Kenzo Takada, the founder of the Kenzo luxury fashion brand, has died in a Paris hospital due to COVID-19. The announcement of his death comes just days after his brand revealed its latest collection at Paris Fashion Week.

Takada’s death was announced on October 4 by his brand, which he left in 1999 but still retained influence. It announced the news to his followers on Twitter and Instagram. The post read, ” It is with immense sadness that KENZO has learned of the passing of our founder, Kenzo Takada. For half a century, Mr. Takada has been an emblematic personality in the fashion industry – always infusing creativity and color into the world. Today, his optimism, zest for life and generosity continue to be pillars of our Maison. He will be greatly missed and always remembered.”

The fashion mogul had died after being admitted to Hôpital Américain de Paris due to COVID-19 related complications.

The Japanese-born designer and expatriate had made Paris his home since the 1960s, leaving his mark on its fashion industry.

Born in Himeji, Japan to a hotel-owning family, the young Takada was first introduced to fashion through magazines belonging to his sisters. From there, a spark was ignited that led him to enroll in Tokyo’s Bunka Fashion College, as one of its first-ever male students, notably winning accolades in 1961 in a school-wide competition. While working at a department store designing 40 girls’ outfits a month, he lost his home due to his apartment being demolished for the 1964 Summer Olympics. One of his professors, who was educated at L’École de la Chambre Syndicale de la Couture Parisienne, inspired him to use the compensation the Japanese government gave him to find a new home to take a month-long boat ride to France. An eponymously titled book, Kenzo Takada, states his first impression of Paris was that it was “dismal and bleak,” though he quickly changed his mind after seeing the Notre Dame Cathedral for the first time.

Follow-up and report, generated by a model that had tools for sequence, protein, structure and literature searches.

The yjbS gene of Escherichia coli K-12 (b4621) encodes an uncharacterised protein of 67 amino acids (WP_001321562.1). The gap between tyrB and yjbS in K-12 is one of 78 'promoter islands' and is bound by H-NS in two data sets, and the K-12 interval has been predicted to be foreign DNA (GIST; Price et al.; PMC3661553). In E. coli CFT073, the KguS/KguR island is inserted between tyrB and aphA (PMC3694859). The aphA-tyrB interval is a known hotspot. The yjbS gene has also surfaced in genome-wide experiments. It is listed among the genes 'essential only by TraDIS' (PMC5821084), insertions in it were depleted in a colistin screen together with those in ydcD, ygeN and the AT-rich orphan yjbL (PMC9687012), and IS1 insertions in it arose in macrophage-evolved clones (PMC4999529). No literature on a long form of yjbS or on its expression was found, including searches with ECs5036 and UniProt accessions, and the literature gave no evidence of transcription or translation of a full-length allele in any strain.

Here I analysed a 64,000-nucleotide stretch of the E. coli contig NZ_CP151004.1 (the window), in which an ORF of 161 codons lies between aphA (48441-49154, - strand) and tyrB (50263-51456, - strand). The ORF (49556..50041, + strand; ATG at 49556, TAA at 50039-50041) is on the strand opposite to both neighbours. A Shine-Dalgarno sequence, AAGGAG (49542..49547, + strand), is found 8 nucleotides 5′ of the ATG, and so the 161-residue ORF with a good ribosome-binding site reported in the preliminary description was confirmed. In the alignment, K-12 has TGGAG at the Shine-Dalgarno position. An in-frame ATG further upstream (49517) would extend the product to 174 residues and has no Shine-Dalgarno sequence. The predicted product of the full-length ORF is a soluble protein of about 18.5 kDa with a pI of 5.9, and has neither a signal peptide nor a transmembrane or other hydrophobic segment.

What was meant to be a temporary stay in a foreign country turned into a lifelong stay, eventually renting out space at Galerie Vivienne to display his first-ever fashion collection, made using fabrics from a local flea market. He went on to open his first store called Jungle Jap, which later became Kenzo due to Japanese Americans’ complaints about the term “Jap” being used commercially. His fashion collections were displayed from New York to Tokyo to critical acclaim. While Takada officially retired in 1999, he still kept working on other projects such as hotel design in Dubai. Takada had just launched a new lifestyle brand called K3 just months before his death.

Takada leaves behind no children. His partner Xavier de Castella died of an illness related to AIDS in 1990.


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